From the appliqués and buttons patterned after M & M's that adorn his orange box-cut jacket to the cigarette-smoking lapel that distinguishes his evening blazer, Roth's creations have what the designer likes to call an oddball elegance.
"People should be having fun with what they wear," says Roth, 20. "What's the use of having a wardrobe that's plain?" That philosophy has won him such formidable fans as Geoffrey Beene and gained him displays in Bloomingdale's and Neiman Marcus. "He's very daring, audacious and provocative," says Lynn Manulis, president of New York City's ritzy Martha boutique. "Young women look at his things, giggle, then buy."
Roth's own fancy-dressing flair goes back to his teenage years in Manhattan, when he spent his evenings huddled over fashion magazines, not geometry texts. At 17, he became an apprentice to Dutch designer Koos van den Akker, finishing high school at night. Last year, with van den Akker's help, he launched his own collection—inspired by everything from Monty Python movies and Charles Addams cartoons to New York City's Seagram Building. "Nobody really thought I could do it," Roth remembers, "but by the end of that season, I had sold everything."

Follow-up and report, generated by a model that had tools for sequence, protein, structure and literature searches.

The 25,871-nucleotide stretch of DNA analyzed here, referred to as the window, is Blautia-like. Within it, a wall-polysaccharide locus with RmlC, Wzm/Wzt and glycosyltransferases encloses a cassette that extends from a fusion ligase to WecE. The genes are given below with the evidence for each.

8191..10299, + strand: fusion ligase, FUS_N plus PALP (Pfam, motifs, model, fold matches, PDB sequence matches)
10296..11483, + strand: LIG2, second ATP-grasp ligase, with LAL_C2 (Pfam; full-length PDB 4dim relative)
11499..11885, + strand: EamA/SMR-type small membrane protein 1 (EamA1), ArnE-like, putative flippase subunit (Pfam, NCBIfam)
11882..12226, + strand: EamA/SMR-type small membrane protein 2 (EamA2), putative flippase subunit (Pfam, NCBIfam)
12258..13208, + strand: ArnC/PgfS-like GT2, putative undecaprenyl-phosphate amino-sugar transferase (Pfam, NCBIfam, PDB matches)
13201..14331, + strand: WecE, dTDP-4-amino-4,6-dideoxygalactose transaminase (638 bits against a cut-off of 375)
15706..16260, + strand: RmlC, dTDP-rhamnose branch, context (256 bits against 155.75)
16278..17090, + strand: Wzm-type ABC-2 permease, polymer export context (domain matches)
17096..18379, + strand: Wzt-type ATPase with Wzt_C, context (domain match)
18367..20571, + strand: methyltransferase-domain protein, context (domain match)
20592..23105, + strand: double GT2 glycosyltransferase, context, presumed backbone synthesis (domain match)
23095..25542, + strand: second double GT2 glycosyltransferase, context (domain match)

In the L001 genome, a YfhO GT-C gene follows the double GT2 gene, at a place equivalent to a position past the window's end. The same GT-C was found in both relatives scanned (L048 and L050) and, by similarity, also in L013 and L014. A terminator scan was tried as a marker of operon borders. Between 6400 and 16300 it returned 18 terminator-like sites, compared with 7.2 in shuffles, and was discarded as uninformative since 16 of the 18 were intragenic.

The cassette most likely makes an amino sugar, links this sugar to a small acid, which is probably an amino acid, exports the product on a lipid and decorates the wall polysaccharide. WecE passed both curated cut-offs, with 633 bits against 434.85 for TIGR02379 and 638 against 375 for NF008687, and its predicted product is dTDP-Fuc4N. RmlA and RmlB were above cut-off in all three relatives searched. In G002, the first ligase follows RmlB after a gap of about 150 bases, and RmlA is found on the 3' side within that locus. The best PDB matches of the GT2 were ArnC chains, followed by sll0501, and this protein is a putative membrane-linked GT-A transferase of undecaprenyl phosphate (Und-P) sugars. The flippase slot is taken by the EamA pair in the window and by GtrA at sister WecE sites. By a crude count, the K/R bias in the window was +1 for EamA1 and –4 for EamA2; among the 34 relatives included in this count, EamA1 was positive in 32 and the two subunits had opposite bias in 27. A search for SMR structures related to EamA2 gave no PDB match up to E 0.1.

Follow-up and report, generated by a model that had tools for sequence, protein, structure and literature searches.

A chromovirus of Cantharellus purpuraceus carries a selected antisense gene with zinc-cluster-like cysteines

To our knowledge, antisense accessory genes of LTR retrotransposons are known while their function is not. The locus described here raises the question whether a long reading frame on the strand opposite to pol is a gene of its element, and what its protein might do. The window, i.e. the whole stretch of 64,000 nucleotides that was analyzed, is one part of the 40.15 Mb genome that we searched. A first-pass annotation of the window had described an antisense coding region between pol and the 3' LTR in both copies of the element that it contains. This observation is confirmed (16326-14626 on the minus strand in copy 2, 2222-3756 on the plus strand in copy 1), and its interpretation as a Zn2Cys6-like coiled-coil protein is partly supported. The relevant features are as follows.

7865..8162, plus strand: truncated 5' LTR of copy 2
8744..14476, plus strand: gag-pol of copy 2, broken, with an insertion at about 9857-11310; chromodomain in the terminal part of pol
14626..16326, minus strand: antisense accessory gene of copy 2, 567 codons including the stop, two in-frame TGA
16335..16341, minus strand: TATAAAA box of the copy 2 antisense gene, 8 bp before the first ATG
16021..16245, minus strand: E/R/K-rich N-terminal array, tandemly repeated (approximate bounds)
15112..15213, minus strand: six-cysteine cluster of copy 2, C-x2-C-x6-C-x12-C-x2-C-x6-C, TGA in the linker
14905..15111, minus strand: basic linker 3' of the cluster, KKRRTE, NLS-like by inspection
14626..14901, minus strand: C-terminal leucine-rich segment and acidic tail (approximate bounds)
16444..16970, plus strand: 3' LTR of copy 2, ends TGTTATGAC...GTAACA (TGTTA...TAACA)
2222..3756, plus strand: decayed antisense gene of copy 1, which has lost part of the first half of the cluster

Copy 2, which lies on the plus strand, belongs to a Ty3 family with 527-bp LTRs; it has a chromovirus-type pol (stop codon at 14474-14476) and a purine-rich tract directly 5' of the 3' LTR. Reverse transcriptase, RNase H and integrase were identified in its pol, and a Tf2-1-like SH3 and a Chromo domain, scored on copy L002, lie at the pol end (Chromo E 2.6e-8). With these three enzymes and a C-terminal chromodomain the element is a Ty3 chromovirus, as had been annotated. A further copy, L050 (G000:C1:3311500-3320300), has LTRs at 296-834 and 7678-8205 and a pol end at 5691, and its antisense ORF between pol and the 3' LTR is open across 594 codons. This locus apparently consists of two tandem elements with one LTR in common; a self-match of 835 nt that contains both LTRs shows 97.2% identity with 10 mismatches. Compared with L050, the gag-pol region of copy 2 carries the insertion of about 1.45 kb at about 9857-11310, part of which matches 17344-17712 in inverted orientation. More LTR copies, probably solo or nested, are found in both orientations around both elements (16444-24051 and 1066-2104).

Now his third collection (his pants, camisoles and jackets are priced from $200 to $1,050) is in stores, and Roth is busy designing a spring collection. Among his ideas: a "sunburn" dress with strap marks sewn into the shoulders.
Most of us see a pack of M & M's and think candy. Christian Francis Roth sees it and thinks fashion.